And a very Happy New Year to all my fellow Catholics! Yes, Catholics have three chances, not one, to celebrate New Year’s. On the First Sunday of Advent, you will customarily hear parishioners wishing one another a “Happy New Year!” Non-catholics are generally surprised or confused to hear this, until they discover we follow a liturgical year as well as a calendrical one, and the first Sunday of Advent is the start of another annual cycle!
The second New Year’s Day for Catholics is, of course, January 1. When we can join the rest of the world, have a drink, look back with thanks, and look forward with hope and hopefully set off a few fireworks! On this day we will also celebrate again the birth of the Lord, andthe dawn of our redemption by honoring Mary the Mother of God.
It has been awhile since I have posted about Helen!
It has also been awhile since I have done a Wednesday posting
for Saint Maria Faustina KoWalska (what else,)
with a brief reflection on the Divine Mercy of God!
And since it has been out of the ordinary…
let me first offer a quick “refresher” on this Saint,
who is also our Golden’s namesake!
Saint Maria Faustina Kowalska, known today the world over as the “Apostle of the Divine Mercy,” is numbered by theologians among the outstanding mystics of the Church. She was the third of ten children born into a poor and pious peasant family in Glogowiec, a village in the heart of Poland. At her baptism in the nearby Parish Church of Swinice Warckie she was given the name “Helena.” From childhood she distinguished herself by her piety, love of prayer, industriousness and obedience as well as by her great sensitivity to human misery. She had hardly three years of schooling, and at the age of fourteen she left the family hearth to help her parents and to earn her own livelihood serving as a domestic in the nearby cities of Aleksandrow and Lodz.
When she was only seven (two years before her First Holy Communion), Helen
already sensed in her soul the call to embrace the religious life. When later she made her desire known to her parents, they categorically did not acquiesce in her entering a convent. Because of this situation Helen strove to stifle this divine call within her. Pressed on, however, by a vision of the suffering Christ and by the words of His reproach: “How long shall I put up with you and how long will you keep putting Me off?” (Diary, 9), she bagan to search for a convent to join. She knocked on many a convent door, but nowhere was she accepted. Finally on August 1, 1925, Helen crossed the threshold of the cloister in the convent of the Congregation of Sisters of Our Lady of Mercy on Zytnia Street in Warsaw. In her Diary she declared: “It seemed to me that I had stepped into the life of Paradise. A single prayer was bursting forth from my heart, one of thanksgiving” (Diary, 17).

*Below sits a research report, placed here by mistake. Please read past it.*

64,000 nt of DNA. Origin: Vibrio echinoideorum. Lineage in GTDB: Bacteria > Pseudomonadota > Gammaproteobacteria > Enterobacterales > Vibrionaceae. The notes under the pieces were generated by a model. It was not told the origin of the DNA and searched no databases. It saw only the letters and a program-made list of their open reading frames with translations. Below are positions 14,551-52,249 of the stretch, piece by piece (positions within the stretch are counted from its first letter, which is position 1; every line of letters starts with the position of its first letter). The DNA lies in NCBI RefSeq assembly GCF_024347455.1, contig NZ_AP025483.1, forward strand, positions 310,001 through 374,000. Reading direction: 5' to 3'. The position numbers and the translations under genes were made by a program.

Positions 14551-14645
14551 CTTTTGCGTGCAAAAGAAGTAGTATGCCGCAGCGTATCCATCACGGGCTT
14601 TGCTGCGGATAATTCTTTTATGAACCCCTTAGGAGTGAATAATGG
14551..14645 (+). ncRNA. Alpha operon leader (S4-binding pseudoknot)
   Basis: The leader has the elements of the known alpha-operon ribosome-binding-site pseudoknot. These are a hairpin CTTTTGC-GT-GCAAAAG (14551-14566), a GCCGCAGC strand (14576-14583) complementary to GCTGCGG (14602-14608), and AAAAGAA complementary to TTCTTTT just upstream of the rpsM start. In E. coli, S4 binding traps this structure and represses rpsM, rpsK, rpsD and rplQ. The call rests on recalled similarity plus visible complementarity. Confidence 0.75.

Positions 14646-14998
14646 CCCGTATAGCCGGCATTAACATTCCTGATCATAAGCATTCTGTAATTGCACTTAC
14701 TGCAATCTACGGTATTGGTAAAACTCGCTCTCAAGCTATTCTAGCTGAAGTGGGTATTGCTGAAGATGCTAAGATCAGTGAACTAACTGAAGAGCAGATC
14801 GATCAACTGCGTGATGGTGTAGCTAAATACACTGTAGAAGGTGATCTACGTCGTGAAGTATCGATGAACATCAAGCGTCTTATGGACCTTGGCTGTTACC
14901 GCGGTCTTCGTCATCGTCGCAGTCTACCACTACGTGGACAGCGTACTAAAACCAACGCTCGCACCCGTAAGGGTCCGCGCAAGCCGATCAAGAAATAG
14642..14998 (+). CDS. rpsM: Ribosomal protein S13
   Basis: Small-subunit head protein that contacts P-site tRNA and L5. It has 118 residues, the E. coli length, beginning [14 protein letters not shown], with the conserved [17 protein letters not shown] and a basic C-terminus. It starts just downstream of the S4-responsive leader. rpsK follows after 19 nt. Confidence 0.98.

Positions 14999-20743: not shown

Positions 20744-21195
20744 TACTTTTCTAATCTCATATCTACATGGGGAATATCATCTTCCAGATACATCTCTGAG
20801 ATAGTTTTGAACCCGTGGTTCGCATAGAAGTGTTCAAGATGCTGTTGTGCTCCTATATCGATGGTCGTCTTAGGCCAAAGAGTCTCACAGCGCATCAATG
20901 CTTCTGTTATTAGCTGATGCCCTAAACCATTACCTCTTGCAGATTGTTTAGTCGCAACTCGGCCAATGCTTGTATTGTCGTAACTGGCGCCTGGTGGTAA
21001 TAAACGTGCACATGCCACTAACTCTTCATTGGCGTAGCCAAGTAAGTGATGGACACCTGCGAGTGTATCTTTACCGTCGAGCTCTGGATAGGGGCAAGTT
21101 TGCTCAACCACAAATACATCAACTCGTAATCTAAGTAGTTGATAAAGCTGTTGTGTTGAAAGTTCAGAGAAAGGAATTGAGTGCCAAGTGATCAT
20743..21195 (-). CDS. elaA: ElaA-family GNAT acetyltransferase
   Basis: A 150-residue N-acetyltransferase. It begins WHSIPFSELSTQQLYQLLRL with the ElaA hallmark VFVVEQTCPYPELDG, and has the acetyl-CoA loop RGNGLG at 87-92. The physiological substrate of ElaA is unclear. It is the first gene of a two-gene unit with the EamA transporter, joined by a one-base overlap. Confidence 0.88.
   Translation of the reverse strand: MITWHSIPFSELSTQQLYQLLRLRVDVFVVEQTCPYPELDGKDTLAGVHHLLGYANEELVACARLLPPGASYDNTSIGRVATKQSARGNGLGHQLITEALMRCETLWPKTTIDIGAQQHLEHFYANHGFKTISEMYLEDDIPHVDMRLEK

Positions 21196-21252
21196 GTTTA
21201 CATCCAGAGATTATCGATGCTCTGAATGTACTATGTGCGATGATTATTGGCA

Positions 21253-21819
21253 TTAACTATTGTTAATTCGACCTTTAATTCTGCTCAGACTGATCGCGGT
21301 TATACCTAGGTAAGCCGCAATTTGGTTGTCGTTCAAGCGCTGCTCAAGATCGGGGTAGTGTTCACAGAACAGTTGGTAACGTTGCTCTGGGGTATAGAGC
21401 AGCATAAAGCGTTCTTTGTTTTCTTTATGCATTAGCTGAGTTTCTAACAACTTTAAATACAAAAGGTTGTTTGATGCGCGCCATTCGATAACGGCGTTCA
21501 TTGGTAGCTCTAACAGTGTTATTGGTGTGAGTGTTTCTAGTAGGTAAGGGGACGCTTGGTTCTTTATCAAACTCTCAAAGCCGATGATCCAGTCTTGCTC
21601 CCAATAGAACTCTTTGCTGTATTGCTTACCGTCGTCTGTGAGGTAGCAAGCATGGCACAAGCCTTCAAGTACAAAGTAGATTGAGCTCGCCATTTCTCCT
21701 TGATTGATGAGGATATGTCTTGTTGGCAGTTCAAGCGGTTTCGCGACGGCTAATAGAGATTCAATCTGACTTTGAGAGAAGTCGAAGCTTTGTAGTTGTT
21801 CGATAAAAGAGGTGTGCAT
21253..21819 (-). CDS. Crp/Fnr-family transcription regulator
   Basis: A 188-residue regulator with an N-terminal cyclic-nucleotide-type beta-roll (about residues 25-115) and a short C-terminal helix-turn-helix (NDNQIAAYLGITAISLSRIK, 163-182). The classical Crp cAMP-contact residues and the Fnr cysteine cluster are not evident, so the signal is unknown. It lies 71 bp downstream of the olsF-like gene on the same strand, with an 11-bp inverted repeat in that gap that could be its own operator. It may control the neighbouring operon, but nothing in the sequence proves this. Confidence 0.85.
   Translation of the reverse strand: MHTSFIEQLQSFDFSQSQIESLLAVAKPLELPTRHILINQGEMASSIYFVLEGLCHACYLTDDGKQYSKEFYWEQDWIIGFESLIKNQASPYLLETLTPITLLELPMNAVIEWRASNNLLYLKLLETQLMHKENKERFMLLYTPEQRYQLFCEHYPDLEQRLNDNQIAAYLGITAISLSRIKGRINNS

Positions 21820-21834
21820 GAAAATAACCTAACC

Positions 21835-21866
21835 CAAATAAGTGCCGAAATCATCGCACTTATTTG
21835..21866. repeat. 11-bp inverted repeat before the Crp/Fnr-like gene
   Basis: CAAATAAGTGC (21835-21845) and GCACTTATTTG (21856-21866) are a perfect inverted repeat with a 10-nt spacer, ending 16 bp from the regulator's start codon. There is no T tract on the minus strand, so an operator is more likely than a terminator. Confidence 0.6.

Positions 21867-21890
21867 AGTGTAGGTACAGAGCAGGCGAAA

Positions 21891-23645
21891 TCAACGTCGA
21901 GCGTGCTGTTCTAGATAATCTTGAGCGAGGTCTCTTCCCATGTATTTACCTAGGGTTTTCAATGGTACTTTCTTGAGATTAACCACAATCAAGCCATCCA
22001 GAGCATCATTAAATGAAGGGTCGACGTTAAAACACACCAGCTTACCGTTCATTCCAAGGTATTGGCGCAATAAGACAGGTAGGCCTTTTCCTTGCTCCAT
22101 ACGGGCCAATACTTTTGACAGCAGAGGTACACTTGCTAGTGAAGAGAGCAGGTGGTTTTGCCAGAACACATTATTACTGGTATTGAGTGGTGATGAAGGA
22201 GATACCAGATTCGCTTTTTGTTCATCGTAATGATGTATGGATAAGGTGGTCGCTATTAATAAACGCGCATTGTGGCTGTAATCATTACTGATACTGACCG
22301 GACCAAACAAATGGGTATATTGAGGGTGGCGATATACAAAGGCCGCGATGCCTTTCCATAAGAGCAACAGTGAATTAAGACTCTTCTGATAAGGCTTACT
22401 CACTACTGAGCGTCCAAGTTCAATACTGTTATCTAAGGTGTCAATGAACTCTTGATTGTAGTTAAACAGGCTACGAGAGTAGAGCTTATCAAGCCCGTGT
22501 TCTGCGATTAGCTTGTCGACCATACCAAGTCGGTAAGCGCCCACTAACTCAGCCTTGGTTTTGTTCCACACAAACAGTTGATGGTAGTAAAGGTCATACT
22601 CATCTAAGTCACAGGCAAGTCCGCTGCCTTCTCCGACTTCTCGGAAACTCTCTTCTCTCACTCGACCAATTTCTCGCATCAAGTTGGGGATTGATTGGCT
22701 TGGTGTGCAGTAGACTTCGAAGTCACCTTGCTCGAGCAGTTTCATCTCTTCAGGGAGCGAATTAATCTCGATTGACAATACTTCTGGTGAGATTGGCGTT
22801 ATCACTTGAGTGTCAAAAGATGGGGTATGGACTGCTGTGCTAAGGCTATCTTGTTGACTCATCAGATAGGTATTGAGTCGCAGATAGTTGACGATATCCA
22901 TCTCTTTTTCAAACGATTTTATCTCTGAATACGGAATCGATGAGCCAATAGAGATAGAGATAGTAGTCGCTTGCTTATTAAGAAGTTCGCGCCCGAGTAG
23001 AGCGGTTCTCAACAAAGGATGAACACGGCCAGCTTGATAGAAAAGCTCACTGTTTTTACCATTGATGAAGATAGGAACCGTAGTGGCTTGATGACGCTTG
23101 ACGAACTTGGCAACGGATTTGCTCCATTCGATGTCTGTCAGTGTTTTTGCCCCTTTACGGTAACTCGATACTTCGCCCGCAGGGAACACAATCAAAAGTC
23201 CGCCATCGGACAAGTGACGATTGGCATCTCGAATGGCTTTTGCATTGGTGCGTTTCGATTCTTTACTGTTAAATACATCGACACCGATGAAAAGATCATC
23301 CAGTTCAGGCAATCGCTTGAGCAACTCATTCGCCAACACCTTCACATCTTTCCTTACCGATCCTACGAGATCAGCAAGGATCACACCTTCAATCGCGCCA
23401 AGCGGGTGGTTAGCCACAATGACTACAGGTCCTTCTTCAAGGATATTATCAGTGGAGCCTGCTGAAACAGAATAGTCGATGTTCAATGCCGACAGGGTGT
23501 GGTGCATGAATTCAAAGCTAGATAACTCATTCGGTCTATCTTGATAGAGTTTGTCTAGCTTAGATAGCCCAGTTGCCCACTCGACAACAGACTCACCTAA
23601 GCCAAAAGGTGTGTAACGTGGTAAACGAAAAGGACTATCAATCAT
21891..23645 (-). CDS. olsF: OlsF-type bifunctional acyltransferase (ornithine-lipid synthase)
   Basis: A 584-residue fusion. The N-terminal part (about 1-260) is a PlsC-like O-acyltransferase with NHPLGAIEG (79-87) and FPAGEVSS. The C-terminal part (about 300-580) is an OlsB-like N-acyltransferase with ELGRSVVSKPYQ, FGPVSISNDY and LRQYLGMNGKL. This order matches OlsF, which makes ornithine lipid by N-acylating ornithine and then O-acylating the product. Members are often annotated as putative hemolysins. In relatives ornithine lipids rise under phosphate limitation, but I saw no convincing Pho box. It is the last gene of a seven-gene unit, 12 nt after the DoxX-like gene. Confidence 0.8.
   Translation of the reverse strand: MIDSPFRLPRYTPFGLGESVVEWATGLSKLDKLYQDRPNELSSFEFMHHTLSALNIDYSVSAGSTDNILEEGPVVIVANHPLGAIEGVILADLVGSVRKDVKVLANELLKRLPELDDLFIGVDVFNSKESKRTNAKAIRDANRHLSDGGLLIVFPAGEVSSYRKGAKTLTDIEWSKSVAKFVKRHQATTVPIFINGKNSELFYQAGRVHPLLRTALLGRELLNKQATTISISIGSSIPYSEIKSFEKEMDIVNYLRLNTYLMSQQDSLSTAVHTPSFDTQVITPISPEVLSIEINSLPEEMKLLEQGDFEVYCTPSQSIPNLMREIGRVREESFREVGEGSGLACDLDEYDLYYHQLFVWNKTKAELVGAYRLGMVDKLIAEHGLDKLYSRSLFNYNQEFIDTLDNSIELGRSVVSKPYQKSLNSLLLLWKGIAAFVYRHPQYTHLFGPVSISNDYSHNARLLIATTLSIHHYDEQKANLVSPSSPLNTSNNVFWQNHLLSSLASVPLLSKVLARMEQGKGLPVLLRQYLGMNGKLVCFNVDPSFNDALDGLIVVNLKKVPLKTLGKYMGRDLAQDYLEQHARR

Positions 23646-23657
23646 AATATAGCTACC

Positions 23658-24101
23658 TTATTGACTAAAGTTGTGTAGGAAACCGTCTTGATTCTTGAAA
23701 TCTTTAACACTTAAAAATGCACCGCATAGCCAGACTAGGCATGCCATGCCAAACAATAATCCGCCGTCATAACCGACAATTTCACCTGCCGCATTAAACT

Upon her entrance to the Congregation Helen received the name Sr. Maria Faustina. Her novitiate she spent in Cracow, and there, in the presence of Bishop Stanislaus Rospond, she pronounced her first religious vows, and five years later, she made her perpetual profession of the vows of chastity, poverty and obedience. She was assigned to work in a number of the Congregation’s houses, fulfilling the duties of cook, gardener and doorkeeper.
To all external appearances nothing betrayed her extraordinarily rich mystical
life. She zealously went about her duties, she faithfully observed all the religious rules, she was recollected and kept silent, all the while being natural, cheerful, full of kindness and of unselfish love of neighbor.
Her entire life was concentrated on constant striving for an even fuller union with God and on self-sacrificing cooperation with Jesus in the work of saving souls. “My Jesus” – she avowed in her Diary – “You know that from my earliest years I have wanted to become a great saint; that is to say, I have wanted to love You with a love so great that there would be no soul who has hitherto loved You so”(Diary, 1372,)
A portion of the original Preface to the Polish Edition, 1981.
Minions remind me to laugh despite the chaos & difficulties of life.
And right now there is an awful lot of chaos amuck in the world!
Laughter is a good thing. Scientists tell us that laughter, humor and joy are an important part of life. Laughing lowers blood pressure, reduces stress hormones, and increases muscle flexion. It increases the circulation of antibodies in the blood stream and makes us more resistant to infection.